The Uniform

Header photo: © Jorge Royan / http://www.royan.com.ar / CC-BY-SA-3.0

Today’s post is by Sherrilee

I’ve been thinking a lot about ties recently. Last week while I was waiting for the tech guy to figure out my computer, I noticed that the online support tech icon was a male figure wearing a tie. It made me laugh a little that the support company would think I would feel better to be helped by someone in a crisp white shirt and a tie instead of a scruffy guy in jeans and a sweatshirt.

The tie does definitely seem to be the uniform for men. Everywhere you go, dressed up men wear ties: at work, at church, late-night tv. For some job descriptions, like debate candidates, it’s not just any tie; if you want to really be part of the crowd, it has to be a red tie.

I wore a tie once. One Saturday, when I was still in the bookstore, I wore a denim skirt and vest to work. I borrowed a tan knit tie from my wasbund (he had to tie it for me); I thought I was pretty darn cute. At the Southdale B. Dalton store we had a huge stepped table for all the bestsellers and Saturday was the day we received the new lists for the following week.

That meant that big piles of books needed to be moved around, with the new and hot items toward the front. That day with my list in hand, I spent about an hour moving all the books around, beefing up some titles, moving other titles off the table. As I straightened up to take a look at my handiwork, I realized too late that the knit tie was stuck between two books. It was like a mountain of falling dominoes; the top stack of books collapsing onto the stack beneath it and then spreading down and out from there. People walking by the store stopped and clapped.

I went to the backroom and took off the tie; I’ve never worn one since. But I have felt really sorry for men who have to wear a tie day in and day out.

Have you ever had to wear a uniform?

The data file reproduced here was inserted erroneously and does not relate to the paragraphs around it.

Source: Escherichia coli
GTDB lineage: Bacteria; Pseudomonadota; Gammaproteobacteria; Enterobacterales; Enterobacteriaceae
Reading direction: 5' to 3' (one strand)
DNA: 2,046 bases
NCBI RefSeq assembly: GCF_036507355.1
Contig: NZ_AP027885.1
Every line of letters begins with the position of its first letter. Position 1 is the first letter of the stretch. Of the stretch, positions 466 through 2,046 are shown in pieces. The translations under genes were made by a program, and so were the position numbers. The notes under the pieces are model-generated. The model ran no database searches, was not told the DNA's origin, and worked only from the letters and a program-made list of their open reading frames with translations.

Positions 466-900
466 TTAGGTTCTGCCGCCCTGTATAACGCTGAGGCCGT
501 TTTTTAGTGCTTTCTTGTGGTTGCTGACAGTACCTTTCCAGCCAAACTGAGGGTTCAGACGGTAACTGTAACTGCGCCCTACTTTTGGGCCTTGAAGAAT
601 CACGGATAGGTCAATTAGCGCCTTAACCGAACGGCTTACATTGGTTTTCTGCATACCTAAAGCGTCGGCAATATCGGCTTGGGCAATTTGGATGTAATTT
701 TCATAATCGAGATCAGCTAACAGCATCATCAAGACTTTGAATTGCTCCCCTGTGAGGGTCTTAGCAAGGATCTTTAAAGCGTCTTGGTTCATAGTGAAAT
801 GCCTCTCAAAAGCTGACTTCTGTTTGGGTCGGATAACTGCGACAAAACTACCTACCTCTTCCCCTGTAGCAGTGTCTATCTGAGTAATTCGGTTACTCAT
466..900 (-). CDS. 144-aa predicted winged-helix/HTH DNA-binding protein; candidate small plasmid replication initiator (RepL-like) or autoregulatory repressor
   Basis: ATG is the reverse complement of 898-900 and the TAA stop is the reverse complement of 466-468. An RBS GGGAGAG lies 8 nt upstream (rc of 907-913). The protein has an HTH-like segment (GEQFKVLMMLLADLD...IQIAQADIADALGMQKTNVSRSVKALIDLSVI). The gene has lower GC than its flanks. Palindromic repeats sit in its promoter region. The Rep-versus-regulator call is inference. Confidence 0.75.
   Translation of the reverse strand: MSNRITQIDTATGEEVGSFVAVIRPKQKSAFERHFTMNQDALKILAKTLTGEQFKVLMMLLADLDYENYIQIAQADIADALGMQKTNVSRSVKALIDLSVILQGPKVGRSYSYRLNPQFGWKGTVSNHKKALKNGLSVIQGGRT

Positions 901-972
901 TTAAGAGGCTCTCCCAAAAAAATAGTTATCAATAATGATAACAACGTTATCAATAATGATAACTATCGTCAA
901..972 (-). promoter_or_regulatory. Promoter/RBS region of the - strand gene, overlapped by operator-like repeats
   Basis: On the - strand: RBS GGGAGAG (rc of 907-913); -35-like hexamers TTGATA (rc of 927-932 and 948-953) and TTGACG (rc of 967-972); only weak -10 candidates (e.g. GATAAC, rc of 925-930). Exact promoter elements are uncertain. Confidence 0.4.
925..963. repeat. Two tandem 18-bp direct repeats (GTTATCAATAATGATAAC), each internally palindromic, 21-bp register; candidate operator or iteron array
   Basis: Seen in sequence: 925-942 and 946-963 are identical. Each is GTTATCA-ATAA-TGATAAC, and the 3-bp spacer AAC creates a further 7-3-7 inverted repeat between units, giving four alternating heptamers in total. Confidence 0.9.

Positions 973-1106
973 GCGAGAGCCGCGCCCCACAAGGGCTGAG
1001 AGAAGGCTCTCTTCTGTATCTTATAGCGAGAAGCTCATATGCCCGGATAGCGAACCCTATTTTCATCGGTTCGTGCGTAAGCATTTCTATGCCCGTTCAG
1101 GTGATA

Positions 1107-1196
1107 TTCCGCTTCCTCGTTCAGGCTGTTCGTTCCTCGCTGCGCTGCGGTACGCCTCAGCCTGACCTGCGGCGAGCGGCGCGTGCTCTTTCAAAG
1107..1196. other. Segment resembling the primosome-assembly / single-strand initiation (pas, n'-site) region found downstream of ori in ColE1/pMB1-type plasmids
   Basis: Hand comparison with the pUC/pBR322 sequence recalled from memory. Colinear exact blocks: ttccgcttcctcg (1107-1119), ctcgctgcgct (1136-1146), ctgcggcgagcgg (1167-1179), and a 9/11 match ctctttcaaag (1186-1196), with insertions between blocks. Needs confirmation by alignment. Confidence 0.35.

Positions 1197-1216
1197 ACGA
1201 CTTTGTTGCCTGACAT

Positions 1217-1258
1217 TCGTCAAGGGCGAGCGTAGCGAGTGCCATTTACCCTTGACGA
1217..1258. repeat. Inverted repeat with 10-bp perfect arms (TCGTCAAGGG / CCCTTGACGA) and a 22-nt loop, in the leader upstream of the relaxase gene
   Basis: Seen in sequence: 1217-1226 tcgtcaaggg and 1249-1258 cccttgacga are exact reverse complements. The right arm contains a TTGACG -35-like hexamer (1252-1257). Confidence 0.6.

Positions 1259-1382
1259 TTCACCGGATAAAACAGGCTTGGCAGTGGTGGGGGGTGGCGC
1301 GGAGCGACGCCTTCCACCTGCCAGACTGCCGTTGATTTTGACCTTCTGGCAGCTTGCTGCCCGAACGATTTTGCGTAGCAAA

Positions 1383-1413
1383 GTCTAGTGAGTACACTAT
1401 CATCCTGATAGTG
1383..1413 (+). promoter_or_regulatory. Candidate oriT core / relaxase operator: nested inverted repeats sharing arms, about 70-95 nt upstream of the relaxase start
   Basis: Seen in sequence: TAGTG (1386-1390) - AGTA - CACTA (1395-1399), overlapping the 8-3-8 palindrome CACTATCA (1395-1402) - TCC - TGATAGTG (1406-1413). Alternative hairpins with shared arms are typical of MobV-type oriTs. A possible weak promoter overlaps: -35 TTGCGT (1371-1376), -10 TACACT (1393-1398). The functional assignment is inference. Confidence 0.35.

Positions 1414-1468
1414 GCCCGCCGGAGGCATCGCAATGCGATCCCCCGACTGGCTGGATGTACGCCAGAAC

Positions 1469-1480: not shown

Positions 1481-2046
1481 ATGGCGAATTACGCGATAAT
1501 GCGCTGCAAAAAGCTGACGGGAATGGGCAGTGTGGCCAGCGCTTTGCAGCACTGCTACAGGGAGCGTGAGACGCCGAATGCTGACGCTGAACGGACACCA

78 thoughts on “The Uniform”

  1. Can your count dressing you schools colors to compete on sports teams as wearing a uniform? If so, dress up in uniforms as a member of some track teams and a basketball team. Also, I woked at a McDonalds when I was young. Do the clothes you wear when working in a McDonalds count as a uniform?

    Liked by 1 person

  2. Fresh out of college, I worked for a time in the display department at Dayton’s. Men on the staff were required to wear a coat and tie, which made no practical sense since the job was physical and dusty and the pay was too crappy to support a wardrobe. I guess the fact that the costume was unsuitable was what made it a uniform. There was no point in wearing a good coat and tie or in ever cleaning it, so the coats and ties worn by display department tended to be scruffier and more disreputable than jeans and a sweatshirt would ever have been.
    After a youth of wearing clip-on ties on the rare occasion that a tie was called for, I had to learn to tie them not only forwards but backwards so that I could put them on mannequins. That skill came in handy later when I was working in advertising agencies and budding young executives would come into my office before meetings to have their ties tied.

    Liked by 5 people

    1. I agree – uniforms aren’t always thought out. 99% of the time I sit in my cube, communicating via email and phone, but my company policy says I can’t wear sweatpants, or sweatshirts or even tennis shoes, which would be the most comfortable. Sigh.

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  3. Oh yeah, I’ve worn uniforms; plenty of them.

    First at the boarding school. Guess it made us “inmates” easier to keep track of. They may also have been intended to make it more difficult to distinguish between the haves and have nots. We had several different uniforms for different seasons, some of which I liked, others not so much.

    Next, when I worked at the children’s hospital in Basel, we were issued uniforms. Light blue and white striped cotton shifts and white aprons.

    Then, as the au pair for the Danish diplomatic family in Moscow, another cotton uniform with an apron (think Downton Abbey kitchen staff). Never felt so ridiculous in my life! I recall vividly one evening having the Danish ambassador and his countess wife over for dinner. I was both the cook, server, and dishwasher. The serving part required a different apron than the one used while cooking and doing dishes, and at least once during the evening I found myself in the dining room with the wrong apron on. Didn’t much matter. At that point the ambassador was so inebriated that he with some regularity stumbled into the kitchen to try to fondle me. Still gives me the creeps to think about it. Nothing like trying to fend off unwanted advances while trying to maintain some sort of dignity and look professional at the same time.